Could this be true? https://www.facebook.com/migyal.imisyou/videos/2514422715448542/UzpfSTEwMDAwODE2OTc1NjA4NDoyMDQxMDc4Nzg2MTc0NDI3/ A friend has posted this - of course, I have been looking around to debunk it, maybe someone can give me an answer. thanks in advance.

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    $\begingroup$ Maybe you could include the relevant elements of the video in the question. $\endgroup$
    – Antzi
    Apr 11, 2018 at 2:02
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    $\begingroup$ You may first search for yourself and be more specific about why you think "this" is true or not. Remember not all aviation.SE users have a facebook account so you must explain what your link is about. $\endgroup$
    – Manu H
    Apr 11, 2018 at 5:49
  • $\begingroup$ This sort of question is a better fit for skeptics.SE, but please note that they only address notable claims, which may not include a random Facebook post $\endgroup$
    – Pondlife
    Apr 11, 2018 at 13:07

3 Answers 3


The fact that this even needs to be debunked is ridiculous. I have worked on both military and civilian aircraft of many, many different varieties. I have never once been called to a jet with a malfunctioning “Chemtrail” system. I have never seen a maintenance manual reference for it, never been trained on it, and have never even seen provisions for such a system that might be worked by some sort of “covert contractor.” It is either the aircraft system that all other aircraft systems should emulate, or it simply doesn’t exist.

This is perhaps the dumbest conspiracy theory ever and simply feeds on people’s innocent yet ignorant understanding of aviation. No. It is not a thing. It’s not even close to a thing.

  • $\begingroup$ The title is misleading, the video try to say that fuel cannot fit in an aircraft, cannot be pumped fast enough, and use poor photoshop to "prove" this. $\endgroup$
    – Antzi
    Apr 11, 2018 at 3:08
  • $\begingroup$ Still aircraft carry "extinction" probes used for scientific experiments on clouds (source), you can't say the contrary ;-) $\endgroup$
    – mins
    Jan 18, 2021 at 11:38

For those who did not watch the video (btw, I have no FB account and will never have one):

It is a polemic about the fuel load aircraft can take. The author claims:

  • we have been deceived by a conspiracy of airlines and aircraft manufacturers about the amount of fuel that goes into an aircraft.
  • the mass of the claimed fuel volume is too heavy to be lifted by an aircraft.
  • the volume would not fit into the wings.
  • the filling process would not allow to pump the claimed volume in the given time.
  • fuel sloshing would be an insurmountable problem.

and so on. I stopped watching after half the video because the ruse had long become obvious.

I have done many calculations on how much energy is contained in the fuel and how much is needed to move an aircraft over large distances. If you read some of my answers on the subject, the results can be found even on this site. Now for a rebuttal:

  • FB is the premier platform for spreading fake information. Whoever still believes what is posted there must have been living under a rock for the last decade. So the source makes this already suspect.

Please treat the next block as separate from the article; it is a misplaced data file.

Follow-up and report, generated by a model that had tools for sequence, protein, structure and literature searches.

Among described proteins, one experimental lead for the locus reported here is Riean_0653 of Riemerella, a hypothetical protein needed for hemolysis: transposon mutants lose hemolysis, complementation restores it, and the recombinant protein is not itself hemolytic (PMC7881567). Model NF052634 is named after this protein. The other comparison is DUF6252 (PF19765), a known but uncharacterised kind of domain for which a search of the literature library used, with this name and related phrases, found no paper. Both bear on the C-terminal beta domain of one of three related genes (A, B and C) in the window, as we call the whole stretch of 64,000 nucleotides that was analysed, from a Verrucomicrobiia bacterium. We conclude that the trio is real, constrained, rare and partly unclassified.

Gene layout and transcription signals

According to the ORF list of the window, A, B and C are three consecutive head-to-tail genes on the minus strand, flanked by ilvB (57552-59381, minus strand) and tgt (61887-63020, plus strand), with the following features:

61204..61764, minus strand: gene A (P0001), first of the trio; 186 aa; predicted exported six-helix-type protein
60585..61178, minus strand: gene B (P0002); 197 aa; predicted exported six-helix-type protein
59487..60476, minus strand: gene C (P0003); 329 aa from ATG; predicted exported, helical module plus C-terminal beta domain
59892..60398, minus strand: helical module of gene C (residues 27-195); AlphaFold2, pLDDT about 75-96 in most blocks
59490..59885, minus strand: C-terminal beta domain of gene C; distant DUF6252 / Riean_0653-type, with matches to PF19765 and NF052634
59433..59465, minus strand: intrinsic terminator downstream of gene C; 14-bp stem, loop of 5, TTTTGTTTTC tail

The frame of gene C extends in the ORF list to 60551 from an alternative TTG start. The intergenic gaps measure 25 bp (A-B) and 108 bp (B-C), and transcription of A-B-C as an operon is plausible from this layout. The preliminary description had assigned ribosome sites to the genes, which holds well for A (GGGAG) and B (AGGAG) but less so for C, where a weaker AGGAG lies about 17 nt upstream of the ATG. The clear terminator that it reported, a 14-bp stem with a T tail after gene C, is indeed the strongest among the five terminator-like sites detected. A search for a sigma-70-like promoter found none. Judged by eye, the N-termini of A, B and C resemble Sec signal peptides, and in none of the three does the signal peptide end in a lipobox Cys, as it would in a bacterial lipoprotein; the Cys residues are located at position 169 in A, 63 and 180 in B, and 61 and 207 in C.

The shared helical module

• The fuel needed for a given flight is only a fraction of the maximum fuel load. This maximum is only needed for extreme range and can reach up to 40% of the take-off weight. So there is clearly enough lift capacity for the structure, the systems and the payload. Fuel mass is an issue, but it is manageable.
  • The tanks are in the wings, but also in the horizontal tail and the center wing which is inside the fuselage. The tanks are not special canisters like in a car, but integral tanks: The structure is sealed and riveted tight so the whole inside can be filled with fuel. The available volume is used to the extreme, and yes, it is sufficient.
  • Filling is done with special, high-performance equipment. I found the part about the claimed impossibility of the filling process to be especially ridiculous.
  • Yes, sloshing is also a problem with aircraft tanks, but they include baffles and sometimes even a special foam to reduce sloshing.

My conclusion: This is yet another silly conspiracy theory and clickbait for people who don't know enough about aircraft engineering.

  • $\begingroup$ Regarding "the volume would not fit into the wings", there's my answer to How is fuel weight calculated? which (in response to a comment on that question) discusses that issue specifically. I personally found that result somewhat surprising; if an A380 used the entire wing area for fuel tanks, and nothing else (neither of which is the case in practice), then the tanks would need to be less than 40 cm high to contain the referenced amount of fuel. $\endgroup$
    – user
    Apr 11, 2018 at 6:43
  • $\begingroup$ @MichaelKjörling: Yes, and Antzi has done the same in his answer. I will link to to your answer. $\endgroup$ Apr 11, 2018 at 6:52
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    $\begingroup$ Upvoted for "no FB." $\endgroup$
    – acpilot
    Apr 11, 2018 at 19:35

Fuel capacity:

Funny how the video just insert non scaled fuel trucks next to the aircraft instead of... Doing the maths.

A380 wing area: 845m² Fuel capacity: 253T <=> 320 000L <=> 320m³

So how high does your wing need to be to contain that much fuel ?

322m³/845m² = 0.38m = 38.1cm

Obviously this is an over simplification but the answer is yes, it fits.


The tanks are divided to prevent that, research the site for more informations.

  • $\begingroup$ Sorry that I could give you only one upvote. Great response to that silly claim! $\endgroup$ Apr 11, 2018 at 6:47

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